How to calculate speed using ratio notation

Whenever I teach how to calculate speed as a measure of distance and time I either use the formula or the triangle method.  In my experience most students are know about the triangle method from their science lessons.  For this reason I would have expected speed to appear either within the algebra or shape and measures strands of the new syllabus.   Calculating speed and other compound measures is now in the ratio, proportion and rates of change strand of the key stage 3 syllabus.  So I wondered if there was a different, more conceptual way of teaching how to calculate speed using ratio notation.  I discovered there was.

Using the formula Using the triangle method Writing speed as a ratio of distance to time If we think of speed as a measure of distance covered per unit of time the ratio becomes simple and links nicely to writing ratios in the form 1 : n.  In the starter students are asked to match a two part ratio with its equivalent ratio given in the form 1 : n.  As this is prerequisite knowledge for the remainder of the lesson I have the class attempt this on mini-whiteboards with the multipliers clearly shown as part of their working.

How to calculate speed using ratio notation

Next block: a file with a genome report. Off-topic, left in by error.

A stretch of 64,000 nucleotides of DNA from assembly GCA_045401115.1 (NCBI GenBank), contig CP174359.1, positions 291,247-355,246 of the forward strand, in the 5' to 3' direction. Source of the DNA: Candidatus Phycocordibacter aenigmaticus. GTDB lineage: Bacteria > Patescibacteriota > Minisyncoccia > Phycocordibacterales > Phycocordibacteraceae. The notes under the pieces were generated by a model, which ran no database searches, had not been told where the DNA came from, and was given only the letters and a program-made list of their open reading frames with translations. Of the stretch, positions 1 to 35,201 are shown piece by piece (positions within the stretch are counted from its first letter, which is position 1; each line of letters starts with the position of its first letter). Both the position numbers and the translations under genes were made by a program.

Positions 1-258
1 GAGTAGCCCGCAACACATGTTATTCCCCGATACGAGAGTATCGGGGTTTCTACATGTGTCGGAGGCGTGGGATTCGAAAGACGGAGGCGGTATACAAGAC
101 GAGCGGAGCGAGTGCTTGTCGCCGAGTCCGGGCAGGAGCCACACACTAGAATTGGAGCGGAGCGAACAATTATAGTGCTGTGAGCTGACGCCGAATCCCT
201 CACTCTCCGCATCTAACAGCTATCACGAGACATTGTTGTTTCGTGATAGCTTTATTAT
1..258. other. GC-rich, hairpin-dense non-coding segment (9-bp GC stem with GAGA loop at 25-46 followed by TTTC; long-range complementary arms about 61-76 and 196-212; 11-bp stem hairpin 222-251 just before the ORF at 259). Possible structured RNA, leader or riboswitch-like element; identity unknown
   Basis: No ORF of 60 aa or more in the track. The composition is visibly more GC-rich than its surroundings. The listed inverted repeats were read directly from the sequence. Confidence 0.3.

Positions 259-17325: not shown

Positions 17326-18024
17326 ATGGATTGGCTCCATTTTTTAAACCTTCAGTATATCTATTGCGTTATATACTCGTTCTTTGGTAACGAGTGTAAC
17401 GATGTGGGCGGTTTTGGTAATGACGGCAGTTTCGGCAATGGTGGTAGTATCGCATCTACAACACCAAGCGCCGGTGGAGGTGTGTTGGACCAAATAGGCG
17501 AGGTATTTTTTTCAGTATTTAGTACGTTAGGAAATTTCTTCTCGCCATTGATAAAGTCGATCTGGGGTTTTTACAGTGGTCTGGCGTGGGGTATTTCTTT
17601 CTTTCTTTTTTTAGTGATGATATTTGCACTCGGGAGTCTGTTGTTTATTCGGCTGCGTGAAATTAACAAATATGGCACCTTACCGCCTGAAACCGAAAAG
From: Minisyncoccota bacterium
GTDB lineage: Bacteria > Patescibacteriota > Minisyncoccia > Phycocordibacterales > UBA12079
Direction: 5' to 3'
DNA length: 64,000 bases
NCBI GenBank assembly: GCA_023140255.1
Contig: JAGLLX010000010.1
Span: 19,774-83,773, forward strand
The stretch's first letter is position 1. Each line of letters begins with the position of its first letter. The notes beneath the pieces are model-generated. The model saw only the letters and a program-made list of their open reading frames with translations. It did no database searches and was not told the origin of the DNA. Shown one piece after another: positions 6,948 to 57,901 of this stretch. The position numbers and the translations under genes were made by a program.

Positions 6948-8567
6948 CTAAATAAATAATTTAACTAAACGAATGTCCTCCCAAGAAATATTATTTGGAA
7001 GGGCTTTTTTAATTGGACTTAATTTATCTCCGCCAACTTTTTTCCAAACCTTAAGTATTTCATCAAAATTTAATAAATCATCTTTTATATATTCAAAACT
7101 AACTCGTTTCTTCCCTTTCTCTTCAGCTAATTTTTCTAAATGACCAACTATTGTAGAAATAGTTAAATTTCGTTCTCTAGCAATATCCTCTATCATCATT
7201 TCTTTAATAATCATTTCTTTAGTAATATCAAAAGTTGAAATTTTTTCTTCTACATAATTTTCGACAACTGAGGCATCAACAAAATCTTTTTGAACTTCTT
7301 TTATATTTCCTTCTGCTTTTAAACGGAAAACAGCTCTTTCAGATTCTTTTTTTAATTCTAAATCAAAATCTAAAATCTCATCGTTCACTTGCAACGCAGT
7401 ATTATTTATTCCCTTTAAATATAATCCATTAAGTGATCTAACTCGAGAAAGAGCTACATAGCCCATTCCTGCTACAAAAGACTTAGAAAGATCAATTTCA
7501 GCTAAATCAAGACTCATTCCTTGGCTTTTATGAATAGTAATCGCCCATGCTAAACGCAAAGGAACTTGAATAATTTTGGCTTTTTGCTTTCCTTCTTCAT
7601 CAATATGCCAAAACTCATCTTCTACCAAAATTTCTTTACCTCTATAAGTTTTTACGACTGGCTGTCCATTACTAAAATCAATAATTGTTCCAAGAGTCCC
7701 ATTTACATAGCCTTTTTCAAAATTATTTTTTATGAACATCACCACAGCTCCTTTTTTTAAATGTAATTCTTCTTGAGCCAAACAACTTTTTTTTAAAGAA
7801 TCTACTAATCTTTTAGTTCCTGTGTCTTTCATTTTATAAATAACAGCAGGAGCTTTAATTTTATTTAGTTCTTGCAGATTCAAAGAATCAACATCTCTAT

In the development phase we discuss speed as the change in distance for a fixed period of time.  When the distance is given in metres the unit of time is per second and for kilometres or miles it is per hour.  Therefore, speed can be written as the ratio of distance to unit of time.  Once students are able to calculate a speed we move on to finding the time or distance using the same ratio notation.  My motivation for teaching this approach of how to calculate speed using ratio notation was mostly out of interest.  I didn’t really expect it to change my practise but as I watched the students work through the questions it became apparent how comfortable they were using ratio notation compared to rearranging formulae or using the triangle.  Teaching speed in this way gave ratio a practical context and reinforced their understanding of equivalence and proportional reasoning.

Is this the preferred method for teaching speed?

As I write this I do wonder whether most teachers have been using this method for a while and I’m preaching to the choir.  Having been a teacher for 15 years I’m always delighted to find new and interesting ways of teaching things especially when they fit so nicely with a conceptual way of learning mathematics.

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